Twenty-four years after CSI was stripped of its UN accreditation for its campaign to help enslaved South Sudanese Christians, the United Nations Economic and Social Council (ECOSOC) has voted to restore its status.
ZURICH – Yesterday, the United Nations Economic and Social Council (ECOSOC) voted, 24 to 12, with 11 abstentions, to reinstate Christian Solidarity International (CSI) as a non-governmental organization with consultative status.
Christian Solidarity International is an interconfessional Christian human rights group, campaigning for religious liberty and human dignity. It provides aid to victims of persecution in fourteen countries, and works to expose states, ideologies, and policies that drive religious persecution.
CSI was stripped of its consultative status at the UN in 1999, after the Republic of Sudan rallied its allies on the committee to expel CSI. At the time, the Sudanese government was engaged in a genocidal campaign against the population of southern Sudan (today South Sudan), which included the state-sponsored enslavement of tens of thousands of black Christians. CSI’s efforts to rescue people from slavery in Sudan drew international attention to the Sudanese government’s atrocities.
The trigger for CSI’s expulsion was its invitation to John Garang, the leader of the Sudanese People’s Liberation Movement, to speak on its behalf at the UN Commission on Human Rights. Garang would go on to become First Vice President of Sudan, after the 2005 Comprehensive Peace Agreement put an end to Sudan’s 23-year civil war. Up to the present day, CSI has continued engaging in direct action to liberate South Sudanese people who were enslaved in the 1983-2005 civil war.
The expulsion was an early sign of what Professor Olivier de Frouville refers to as the “domestication of civil society at the United Nations,” through expulsions, sanctions, threats, and the introduction of a great number of NGOs “with similar views to those of the States.”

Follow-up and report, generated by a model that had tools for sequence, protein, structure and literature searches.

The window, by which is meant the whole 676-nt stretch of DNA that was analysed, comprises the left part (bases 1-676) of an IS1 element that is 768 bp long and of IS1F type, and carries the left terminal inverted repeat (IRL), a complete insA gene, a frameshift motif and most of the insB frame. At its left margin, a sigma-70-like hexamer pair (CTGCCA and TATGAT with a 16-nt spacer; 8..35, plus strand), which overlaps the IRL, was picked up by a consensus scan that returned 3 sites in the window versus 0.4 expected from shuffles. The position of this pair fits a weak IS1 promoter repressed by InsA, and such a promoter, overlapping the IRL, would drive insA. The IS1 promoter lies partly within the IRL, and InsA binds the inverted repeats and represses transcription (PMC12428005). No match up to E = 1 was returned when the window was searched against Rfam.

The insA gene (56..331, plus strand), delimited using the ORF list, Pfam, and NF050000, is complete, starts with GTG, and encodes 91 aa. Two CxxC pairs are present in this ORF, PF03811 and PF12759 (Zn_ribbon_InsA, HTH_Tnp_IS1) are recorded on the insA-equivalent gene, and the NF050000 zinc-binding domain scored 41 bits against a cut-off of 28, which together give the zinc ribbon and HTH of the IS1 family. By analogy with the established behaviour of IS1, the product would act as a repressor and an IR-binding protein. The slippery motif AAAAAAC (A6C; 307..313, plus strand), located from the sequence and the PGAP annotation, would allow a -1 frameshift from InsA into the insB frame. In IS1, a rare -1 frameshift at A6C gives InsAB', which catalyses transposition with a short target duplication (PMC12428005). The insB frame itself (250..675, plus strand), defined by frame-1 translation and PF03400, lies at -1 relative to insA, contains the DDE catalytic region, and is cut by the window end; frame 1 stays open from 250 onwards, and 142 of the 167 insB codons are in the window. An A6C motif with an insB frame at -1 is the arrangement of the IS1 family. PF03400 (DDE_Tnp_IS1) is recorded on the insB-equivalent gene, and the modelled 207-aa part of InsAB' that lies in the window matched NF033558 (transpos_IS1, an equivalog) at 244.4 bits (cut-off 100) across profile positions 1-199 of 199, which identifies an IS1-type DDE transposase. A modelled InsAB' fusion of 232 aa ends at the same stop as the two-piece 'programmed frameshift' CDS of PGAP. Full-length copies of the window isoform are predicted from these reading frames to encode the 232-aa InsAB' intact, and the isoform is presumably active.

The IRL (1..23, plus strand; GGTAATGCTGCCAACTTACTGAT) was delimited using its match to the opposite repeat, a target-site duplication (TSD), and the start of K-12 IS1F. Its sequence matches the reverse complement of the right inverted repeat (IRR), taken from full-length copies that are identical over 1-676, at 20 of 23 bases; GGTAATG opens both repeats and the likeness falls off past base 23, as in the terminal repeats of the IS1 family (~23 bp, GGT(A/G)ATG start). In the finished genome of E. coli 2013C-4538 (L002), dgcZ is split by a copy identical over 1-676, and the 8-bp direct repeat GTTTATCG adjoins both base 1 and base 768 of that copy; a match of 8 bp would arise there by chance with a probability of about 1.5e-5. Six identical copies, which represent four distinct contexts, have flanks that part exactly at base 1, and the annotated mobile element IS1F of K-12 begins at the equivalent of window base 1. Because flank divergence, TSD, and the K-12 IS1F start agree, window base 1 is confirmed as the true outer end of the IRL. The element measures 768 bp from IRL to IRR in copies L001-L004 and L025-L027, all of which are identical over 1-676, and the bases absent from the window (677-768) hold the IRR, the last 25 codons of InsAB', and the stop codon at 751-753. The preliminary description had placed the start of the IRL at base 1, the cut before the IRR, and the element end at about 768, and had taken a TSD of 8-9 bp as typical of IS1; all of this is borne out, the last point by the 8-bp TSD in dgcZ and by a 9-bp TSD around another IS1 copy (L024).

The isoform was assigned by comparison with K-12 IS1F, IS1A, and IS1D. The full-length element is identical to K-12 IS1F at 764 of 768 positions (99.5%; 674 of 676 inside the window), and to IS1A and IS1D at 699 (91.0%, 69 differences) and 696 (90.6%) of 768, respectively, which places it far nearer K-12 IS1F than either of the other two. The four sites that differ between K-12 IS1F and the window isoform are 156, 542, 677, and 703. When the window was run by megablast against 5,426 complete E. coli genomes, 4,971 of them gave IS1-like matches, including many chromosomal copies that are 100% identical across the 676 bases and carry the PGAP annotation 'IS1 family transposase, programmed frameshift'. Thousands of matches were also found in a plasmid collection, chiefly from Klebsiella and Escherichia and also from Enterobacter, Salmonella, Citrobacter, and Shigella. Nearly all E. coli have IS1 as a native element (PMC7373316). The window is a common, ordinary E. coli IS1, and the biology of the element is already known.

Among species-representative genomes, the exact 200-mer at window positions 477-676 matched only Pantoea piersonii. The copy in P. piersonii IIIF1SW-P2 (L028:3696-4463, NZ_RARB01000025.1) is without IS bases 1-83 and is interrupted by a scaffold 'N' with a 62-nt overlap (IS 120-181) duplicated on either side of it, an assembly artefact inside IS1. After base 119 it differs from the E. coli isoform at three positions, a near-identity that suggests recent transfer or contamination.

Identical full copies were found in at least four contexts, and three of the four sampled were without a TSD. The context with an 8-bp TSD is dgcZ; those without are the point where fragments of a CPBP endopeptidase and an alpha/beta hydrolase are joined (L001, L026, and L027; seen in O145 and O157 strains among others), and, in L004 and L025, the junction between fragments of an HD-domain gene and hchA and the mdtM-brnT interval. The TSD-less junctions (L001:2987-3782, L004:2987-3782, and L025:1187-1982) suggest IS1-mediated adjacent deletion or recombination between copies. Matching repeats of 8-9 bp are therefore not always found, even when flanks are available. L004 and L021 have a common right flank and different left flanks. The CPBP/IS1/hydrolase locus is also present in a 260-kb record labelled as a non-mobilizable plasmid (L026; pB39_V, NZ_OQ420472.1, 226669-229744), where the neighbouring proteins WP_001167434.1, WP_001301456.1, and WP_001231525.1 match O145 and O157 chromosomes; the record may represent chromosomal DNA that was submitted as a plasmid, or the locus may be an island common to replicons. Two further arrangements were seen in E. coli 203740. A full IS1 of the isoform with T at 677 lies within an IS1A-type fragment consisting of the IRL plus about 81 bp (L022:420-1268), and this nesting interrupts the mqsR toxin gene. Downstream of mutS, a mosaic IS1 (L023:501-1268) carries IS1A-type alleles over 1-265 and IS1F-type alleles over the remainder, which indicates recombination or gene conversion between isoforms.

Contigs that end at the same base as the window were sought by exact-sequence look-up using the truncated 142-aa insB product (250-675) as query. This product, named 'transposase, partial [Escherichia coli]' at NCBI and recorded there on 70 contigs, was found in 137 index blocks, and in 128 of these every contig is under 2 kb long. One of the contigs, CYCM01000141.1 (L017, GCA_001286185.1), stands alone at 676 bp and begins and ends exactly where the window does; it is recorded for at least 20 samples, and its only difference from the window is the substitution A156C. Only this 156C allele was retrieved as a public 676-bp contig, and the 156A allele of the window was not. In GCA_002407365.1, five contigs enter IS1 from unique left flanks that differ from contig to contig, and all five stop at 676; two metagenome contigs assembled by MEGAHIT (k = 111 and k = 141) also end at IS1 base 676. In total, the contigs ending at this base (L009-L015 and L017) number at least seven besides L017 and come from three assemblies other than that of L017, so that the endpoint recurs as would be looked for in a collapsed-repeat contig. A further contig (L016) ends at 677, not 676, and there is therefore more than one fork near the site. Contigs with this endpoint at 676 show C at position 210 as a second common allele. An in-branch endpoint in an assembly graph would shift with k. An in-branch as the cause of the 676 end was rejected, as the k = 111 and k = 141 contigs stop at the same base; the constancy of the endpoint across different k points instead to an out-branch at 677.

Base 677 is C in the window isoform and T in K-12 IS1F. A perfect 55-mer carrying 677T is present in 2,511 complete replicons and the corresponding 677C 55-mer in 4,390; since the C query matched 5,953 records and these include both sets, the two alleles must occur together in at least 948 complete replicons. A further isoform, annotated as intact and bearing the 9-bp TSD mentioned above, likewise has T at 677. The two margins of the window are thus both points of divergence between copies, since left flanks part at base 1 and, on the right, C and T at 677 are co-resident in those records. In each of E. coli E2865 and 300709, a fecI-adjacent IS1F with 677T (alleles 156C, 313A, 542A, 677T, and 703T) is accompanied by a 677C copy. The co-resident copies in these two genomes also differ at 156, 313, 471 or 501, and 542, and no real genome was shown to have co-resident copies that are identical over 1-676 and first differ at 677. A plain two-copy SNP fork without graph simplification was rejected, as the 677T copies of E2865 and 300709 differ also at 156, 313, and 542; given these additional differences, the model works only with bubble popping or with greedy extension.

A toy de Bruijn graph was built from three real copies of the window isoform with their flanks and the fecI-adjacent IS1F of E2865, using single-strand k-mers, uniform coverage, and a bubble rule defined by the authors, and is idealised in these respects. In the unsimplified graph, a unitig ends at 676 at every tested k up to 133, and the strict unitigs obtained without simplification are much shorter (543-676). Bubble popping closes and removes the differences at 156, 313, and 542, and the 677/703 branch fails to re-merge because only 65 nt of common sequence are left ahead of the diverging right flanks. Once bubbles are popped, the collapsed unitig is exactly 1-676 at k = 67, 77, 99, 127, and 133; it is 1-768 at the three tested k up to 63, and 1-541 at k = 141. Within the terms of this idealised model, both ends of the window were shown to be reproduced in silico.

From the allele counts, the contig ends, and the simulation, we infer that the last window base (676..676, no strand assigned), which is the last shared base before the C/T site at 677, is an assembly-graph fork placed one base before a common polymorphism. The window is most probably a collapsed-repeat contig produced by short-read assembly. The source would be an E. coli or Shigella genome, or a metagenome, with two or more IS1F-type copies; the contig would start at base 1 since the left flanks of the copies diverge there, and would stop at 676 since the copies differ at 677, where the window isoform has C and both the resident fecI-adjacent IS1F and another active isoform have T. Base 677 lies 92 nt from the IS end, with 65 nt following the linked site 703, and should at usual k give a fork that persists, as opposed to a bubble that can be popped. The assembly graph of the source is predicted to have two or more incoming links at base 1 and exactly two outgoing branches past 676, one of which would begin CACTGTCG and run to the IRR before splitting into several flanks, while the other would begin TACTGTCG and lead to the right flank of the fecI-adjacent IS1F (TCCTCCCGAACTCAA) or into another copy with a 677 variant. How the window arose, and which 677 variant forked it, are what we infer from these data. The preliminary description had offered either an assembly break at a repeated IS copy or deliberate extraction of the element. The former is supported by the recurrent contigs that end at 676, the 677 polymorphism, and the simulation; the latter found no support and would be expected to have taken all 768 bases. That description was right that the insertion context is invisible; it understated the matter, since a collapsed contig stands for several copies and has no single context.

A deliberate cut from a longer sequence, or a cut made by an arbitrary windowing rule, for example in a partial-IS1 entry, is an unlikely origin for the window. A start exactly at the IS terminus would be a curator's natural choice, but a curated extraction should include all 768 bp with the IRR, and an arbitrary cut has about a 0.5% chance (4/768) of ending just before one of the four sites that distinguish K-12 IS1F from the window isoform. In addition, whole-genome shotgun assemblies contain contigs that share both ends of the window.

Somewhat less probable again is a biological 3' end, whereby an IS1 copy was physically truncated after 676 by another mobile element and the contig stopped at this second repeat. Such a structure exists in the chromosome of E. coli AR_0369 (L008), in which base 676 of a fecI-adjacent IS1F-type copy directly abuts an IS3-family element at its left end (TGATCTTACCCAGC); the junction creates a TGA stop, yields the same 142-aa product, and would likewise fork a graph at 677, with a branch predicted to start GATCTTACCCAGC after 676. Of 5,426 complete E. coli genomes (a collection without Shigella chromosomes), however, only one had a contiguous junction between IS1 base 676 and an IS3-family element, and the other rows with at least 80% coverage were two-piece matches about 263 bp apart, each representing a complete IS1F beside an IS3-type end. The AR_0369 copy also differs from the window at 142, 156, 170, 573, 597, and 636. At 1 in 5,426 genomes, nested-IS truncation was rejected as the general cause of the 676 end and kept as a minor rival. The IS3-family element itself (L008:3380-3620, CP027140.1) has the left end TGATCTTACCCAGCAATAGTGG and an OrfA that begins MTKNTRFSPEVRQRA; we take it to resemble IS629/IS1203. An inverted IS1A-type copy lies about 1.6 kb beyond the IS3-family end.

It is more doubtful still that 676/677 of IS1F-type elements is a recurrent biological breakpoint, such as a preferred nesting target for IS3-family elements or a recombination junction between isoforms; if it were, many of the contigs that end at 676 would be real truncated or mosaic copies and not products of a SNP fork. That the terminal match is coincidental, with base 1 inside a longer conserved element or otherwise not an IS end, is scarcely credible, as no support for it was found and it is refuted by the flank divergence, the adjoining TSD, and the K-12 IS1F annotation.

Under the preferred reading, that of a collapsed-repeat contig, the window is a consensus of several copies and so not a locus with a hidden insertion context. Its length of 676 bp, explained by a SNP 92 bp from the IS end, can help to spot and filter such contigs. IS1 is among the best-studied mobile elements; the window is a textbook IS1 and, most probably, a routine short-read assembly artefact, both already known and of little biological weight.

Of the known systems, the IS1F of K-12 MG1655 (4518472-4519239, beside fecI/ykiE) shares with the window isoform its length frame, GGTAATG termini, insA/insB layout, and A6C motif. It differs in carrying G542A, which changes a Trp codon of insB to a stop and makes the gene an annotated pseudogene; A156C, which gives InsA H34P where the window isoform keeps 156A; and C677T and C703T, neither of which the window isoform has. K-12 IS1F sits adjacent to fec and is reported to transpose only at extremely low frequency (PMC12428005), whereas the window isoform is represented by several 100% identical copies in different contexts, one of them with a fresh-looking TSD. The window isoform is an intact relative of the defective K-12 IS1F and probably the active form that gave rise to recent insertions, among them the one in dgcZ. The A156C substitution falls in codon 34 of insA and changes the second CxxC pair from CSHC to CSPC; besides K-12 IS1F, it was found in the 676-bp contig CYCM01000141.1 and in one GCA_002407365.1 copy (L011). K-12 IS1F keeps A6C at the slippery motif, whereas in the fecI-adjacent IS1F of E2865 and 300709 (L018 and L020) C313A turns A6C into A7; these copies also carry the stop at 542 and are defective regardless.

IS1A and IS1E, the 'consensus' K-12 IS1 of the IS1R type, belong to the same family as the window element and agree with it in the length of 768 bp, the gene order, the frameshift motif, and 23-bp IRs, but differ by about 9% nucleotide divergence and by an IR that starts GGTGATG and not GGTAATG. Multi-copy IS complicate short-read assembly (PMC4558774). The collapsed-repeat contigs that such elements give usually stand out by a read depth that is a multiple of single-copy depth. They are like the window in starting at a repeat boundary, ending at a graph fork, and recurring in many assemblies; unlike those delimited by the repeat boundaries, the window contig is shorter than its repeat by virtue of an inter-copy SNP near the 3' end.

CSI re-applied for consultative status in 2012, but for eleven years, ECOSOC’s NGO committee refused to bring its application to a vote. Rather, each time CSI’s application was considered, the committee would pose irrelevant questions to CSI about its application. CSI would answer the questions, only to receive additional questions at the next session.
On June 5, the U.S. called a vote on the consultative status of CSI and six other NGOs in ECOSOC’s NGO Committee. The NGO committee voted against CSI and the other NGOs, but the full ECOSOC reversed the decision in its vote yesterday.
“ECOSOC’s decision to grant consultative status is a rare positive sign that the voices of truly independent civil society groups are still welcome at the United Nations,” commented Dr. John Eibner, the international president of CSI.
“CSI fully intends to use its consultative status to pursue its calling to speak out for the persecuted, without fear or favor, particularly in cases where their interests of the persecuted run against the interests of powerful states.”